Monday, October 18, 1999 Published at 21:20 GMT 22:20 UK
Indonesia set to let East Timor go
Children in East Timor's capital Dili run for UN food
Indonesia's assembly is expected to ratify East Timor's right to independence after almost 24 years of army-enforced rule from Jakarta.
The transition to independence is dependent on the assembly revoking its 1978 ruling incorporating East Timor as Indonesia's 27th "province".
BBC Jakarta correspondent Richard Galpin says it appears unlikely that any conditions will be attached, despite earlier concerns and it means East Timor should gain formal independence within a matter of days.
Among the conditions which had been considered were calls for an investigation into alleged bias by the United Nations mission which supervised the referendum.
If this had been demanded it could have led to a considerable delay in the referendum being ratified.
After the ratification, UN peacekeepers will take over from the Australian-led Interfet.
And Australia has said it wants one of Indonesia's neighbours in the Association of South East Asian Nations (Asean) to lead the peacekeeping force.
But Timor independence leader Jose Ramos Horta said on Friday that Asean countries were not neutral.
He said the East Timorese would not accept an Asean state as leader of the UN transitional administration because they had been "accomplices of Indonesia".
The assembly's task of electing a president appears less clear cut.
The general is thought to have been approached by a number of presidential candidates, but appears to have decided not to run at all in Wednesday's presidential elections.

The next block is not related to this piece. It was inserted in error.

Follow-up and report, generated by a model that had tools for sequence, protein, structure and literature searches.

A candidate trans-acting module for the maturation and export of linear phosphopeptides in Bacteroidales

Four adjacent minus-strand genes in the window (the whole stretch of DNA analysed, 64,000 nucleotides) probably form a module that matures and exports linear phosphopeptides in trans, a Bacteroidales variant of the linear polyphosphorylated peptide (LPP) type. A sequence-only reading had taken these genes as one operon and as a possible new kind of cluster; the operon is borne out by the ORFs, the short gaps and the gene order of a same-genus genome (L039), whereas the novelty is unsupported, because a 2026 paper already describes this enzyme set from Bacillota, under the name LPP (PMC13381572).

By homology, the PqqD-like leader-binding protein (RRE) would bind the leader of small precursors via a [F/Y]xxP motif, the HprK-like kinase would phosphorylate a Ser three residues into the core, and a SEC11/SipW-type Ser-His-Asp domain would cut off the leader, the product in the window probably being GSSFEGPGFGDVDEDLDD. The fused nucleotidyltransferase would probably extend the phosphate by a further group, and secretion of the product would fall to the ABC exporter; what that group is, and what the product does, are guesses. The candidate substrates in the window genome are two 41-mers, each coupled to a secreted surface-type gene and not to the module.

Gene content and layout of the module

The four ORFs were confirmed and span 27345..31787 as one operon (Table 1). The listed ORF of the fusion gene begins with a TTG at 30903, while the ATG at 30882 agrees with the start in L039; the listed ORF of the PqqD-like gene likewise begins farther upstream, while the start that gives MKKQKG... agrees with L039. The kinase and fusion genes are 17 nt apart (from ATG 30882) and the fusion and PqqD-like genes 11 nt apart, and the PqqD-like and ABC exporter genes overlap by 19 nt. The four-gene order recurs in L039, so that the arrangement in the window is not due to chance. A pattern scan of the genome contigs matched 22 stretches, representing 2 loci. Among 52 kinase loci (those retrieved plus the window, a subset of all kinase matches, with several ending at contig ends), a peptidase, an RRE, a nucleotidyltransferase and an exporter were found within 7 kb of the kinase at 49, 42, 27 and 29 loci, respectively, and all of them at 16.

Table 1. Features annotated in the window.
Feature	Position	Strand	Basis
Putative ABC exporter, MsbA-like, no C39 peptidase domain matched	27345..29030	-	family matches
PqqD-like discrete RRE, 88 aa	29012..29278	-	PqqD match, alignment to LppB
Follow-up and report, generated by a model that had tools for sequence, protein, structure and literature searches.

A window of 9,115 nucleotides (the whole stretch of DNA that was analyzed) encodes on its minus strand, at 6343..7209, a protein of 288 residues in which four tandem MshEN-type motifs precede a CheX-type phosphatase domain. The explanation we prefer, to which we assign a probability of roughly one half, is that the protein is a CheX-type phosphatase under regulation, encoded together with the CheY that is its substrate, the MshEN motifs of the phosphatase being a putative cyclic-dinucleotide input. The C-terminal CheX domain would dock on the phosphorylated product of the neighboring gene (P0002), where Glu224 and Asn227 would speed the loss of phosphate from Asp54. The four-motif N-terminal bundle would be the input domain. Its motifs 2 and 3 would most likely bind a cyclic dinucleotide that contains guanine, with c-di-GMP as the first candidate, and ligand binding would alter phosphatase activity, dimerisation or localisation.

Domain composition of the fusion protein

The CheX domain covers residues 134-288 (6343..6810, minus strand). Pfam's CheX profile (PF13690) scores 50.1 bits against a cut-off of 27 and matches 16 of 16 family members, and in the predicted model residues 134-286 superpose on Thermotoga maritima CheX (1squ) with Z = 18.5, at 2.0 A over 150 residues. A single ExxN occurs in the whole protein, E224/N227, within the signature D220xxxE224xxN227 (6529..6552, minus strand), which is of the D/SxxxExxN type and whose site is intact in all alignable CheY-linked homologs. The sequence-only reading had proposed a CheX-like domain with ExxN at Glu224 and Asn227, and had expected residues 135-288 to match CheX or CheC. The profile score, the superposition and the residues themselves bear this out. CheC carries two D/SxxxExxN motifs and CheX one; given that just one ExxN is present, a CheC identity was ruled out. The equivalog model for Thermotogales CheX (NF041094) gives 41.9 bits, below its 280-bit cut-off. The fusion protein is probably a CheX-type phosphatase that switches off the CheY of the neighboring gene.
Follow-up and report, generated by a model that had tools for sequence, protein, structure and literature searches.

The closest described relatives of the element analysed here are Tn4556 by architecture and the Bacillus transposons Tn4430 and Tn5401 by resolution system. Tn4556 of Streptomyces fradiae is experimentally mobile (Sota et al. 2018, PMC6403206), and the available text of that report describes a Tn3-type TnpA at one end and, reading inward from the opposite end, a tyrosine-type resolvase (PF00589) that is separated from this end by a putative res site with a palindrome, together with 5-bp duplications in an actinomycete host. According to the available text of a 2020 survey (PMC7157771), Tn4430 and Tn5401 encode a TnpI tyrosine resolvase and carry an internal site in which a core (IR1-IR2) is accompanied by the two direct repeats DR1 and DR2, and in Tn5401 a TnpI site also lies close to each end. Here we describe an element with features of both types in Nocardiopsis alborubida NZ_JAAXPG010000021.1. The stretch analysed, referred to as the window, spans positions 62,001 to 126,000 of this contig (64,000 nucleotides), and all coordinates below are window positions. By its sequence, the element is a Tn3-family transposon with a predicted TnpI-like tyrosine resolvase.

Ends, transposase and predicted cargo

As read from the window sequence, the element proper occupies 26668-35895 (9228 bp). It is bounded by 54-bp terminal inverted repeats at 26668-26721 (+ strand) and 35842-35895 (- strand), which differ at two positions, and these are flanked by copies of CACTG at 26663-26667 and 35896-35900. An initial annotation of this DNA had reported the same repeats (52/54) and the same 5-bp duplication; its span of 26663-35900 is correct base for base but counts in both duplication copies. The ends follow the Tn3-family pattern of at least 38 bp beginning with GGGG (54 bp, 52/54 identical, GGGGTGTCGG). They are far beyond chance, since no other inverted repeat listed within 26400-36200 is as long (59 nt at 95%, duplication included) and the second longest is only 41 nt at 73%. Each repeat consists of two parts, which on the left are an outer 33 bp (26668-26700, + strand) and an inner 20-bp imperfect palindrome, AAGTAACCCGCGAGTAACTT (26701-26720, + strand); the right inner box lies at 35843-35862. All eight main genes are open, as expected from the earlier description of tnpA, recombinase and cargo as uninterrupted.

He told state television that he would rather concentrate on security issues.
The People's Consultative Assembly of Indonesia is due to vote to endorse or reject Mr Habibie's 17-month rule on Tuesday before electing a new president on Wednesday.
General Wiranto would have brought with him an influential block of seats in the assembly, plus the influence the military still wields over some undecided members.
Megawati Sukarnoputri, whose party won the largest share of the vote in the June parliamentary election, has failed to build a coalition with other parties in the assembly. And a former key ally, the moderate Muslim leader Abdurrahman Wahid, has announced he will run against her.
Observers believe Mr Wahid could still get enough support from Muslim parties to mount a serious challenge to Megawati's presidential ambitions.
In East Timor an Indonesian Government task force has been holding talks with the international peacekeeping force and United Nations representatives on how to manage the transfer of power.
The BBC correspondent in the regional capital, Dili, says key issues in the first stage of discussions include Indonesia's demands to recover or dispose of its assets in East Timor.
The task force plans to remain in East Timor until the Indonesian assembly ratifies the vote, and transition is complete.
Aid agencies are also seeking access to the East Timorese enclave of Oecussi, from where human rights abuses and starvation have been reported.
The pro-independence militia, Falintil, said in a statement it had reports of multiple murders and rapes recently carried out in the enclave.